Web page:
Eager to snatch a piece of the burgeoning SMB storage market, Hewlett-Packard Co. has released its own answer to the network storage needs of smaller companies with a new StorageWorks All-in-One (AiO) Storage System.
HP is the latest in the growing list of tier one vendors striving to make storage for small and medium businesses a low-cost reality. Earlier this year EMC Corp. and most recently Network Appliance introduced small business storage appliances to their portfolios.
HP’s solution combines network attached storage (NAS), storage area network (SAN) and data protection under a single management framework.
Typically SMBs have two to three servers running applications like Microsoft Exchange, Microsoft SQ Server, Oracle and accounting software all sitting on direct attached storage, said Parag Suri, category business manager for network storage solutions at HP Canada.
“DAS is not very efficient and difficult to manage because when you want to add more storage, you have to buy more servers or add more disk creating islands of storage and servers, making management a total nightmare,” said Suri.
According to HP, more than 60 per cent of SMB customers have not deployed networked storage, added Suri, mainly due to cost and complexity.
But with HP’s product “all the functionality is built into one single device with a simple management interface which works at the application level,” he said. “SMB customers can now move from DAS to a network storage product without having to compromise on cost and complexity.”
The HP AiO, which runs Microsoft Windows Storage Server 2003 R2, is available in two models. The entry-level AiO400 comes with a raw Serial ATA (SATA) drive capacity of one terabyte and is listed at $7,000.
The AiO600 starts at 1.5 TB or 3 TB of SATA storage or 876 GB of serial attached SCSI drives with a list price starting at $9,000, including redundant power supplies and fans.
Suri said the sweet spot for an AiO storage system is a customer with three to 14 servers and between 50 and 250 employees.
“It’s very simple. You don’t have to buy separate NAS, SAN and data protection technology plus the management interface is dead easy,” he added.
The AiO storage manager allows IT administrators to view storage use and data protection in an application-centric framework and in less than 10 clicks, said Suri, customers can set up shared storage for Exchange using a wizard tool pre-populated with Microsoft and HP best practice recommendations.
HP has also integrated StorageWorks Data Protector Express software into the AiO storage manager to enable data backup and recovery from tape, virtual tape and optical or external disk on the network.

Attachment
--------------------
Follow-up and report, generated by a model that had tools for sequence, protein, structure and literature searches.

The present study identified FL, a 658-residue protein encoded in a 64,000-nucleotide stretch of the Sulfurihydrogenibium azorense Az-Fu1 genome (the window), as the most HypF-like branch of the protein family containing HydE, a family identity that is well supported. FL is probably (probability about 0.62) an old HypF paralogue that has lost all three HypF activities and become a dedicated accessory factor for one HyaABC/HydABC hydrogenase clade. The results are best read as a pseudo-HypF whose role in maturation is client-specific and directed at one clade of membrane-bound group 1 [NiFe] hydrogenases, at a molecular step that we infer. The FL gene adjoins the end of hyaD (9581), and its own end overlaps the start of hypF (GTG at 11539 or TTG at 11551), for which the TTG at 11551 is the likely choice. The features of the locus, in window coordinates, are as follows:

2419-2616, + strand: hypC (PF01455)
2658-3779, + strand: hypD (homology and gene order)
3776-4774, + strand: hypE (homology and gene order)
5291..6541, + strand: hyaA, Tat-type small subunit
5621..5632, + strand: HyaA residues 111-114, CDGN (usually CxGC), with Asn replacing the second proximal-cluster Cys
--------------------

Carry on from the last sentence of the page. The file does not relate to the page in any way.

According to John Sloan, senior research analyst at London, Ont.-based Info-Tech Research Group, HP’s focus on the management layer of its AiO system puts the company at an advantage.
“They’re (HP) taking an application oriented view which is a plus for them,” he said.
In late 2005, Sloan said there was a renewed interest in mid-market storage solutions in the $50,000 price range, but over the last four months “the pendulum has shifted and vendors are now focusing on products for SMBs.”
While this AiO product does hit the right notes and meets some of the issues of the SMB market, Sloan added that HP is not the only game in town.
“There’s a lot of activity and I suspect as Windows Server 2003 R2 finds its way into more NAS appliance products, traditional NAS vendors will be peddling their appliances as iSCSI/NAS all-in-one type solutions.”
For channel partners already selling HP storage, Suri said AiO opens a new market segment and revenue stream.
He added that VARs that already sell HP servers, laptops and desktops to SMBs can now fulfill their businesses storage requirements. “Fifty to 60 per cent of the SMB storage market is untapped,” he said.
“It’s a profitable opportunity because in addition to the AiO solution they can also up sell other features like a tape library, tape drive or replication solution.”
Suri added that no special certification is required to sell the AiO system and HP will provide resellers with tools such as Webinar training, product literature and demand generation.
In addition, partners are given a 12-minute demo CD to walk customers through the product and storage manager, providing a full perspective of the technology’s benefits and how it reduces complexity, said Suri.
Although reluctant to provide margin information, Suri said in the storage environment margin potential is between the low to high teens bracket.
“We allow them (VARs) to set prices based on market opportunity. It depends a lot on the expertise of the channel partner providing services, consulting and break/fix work around product.”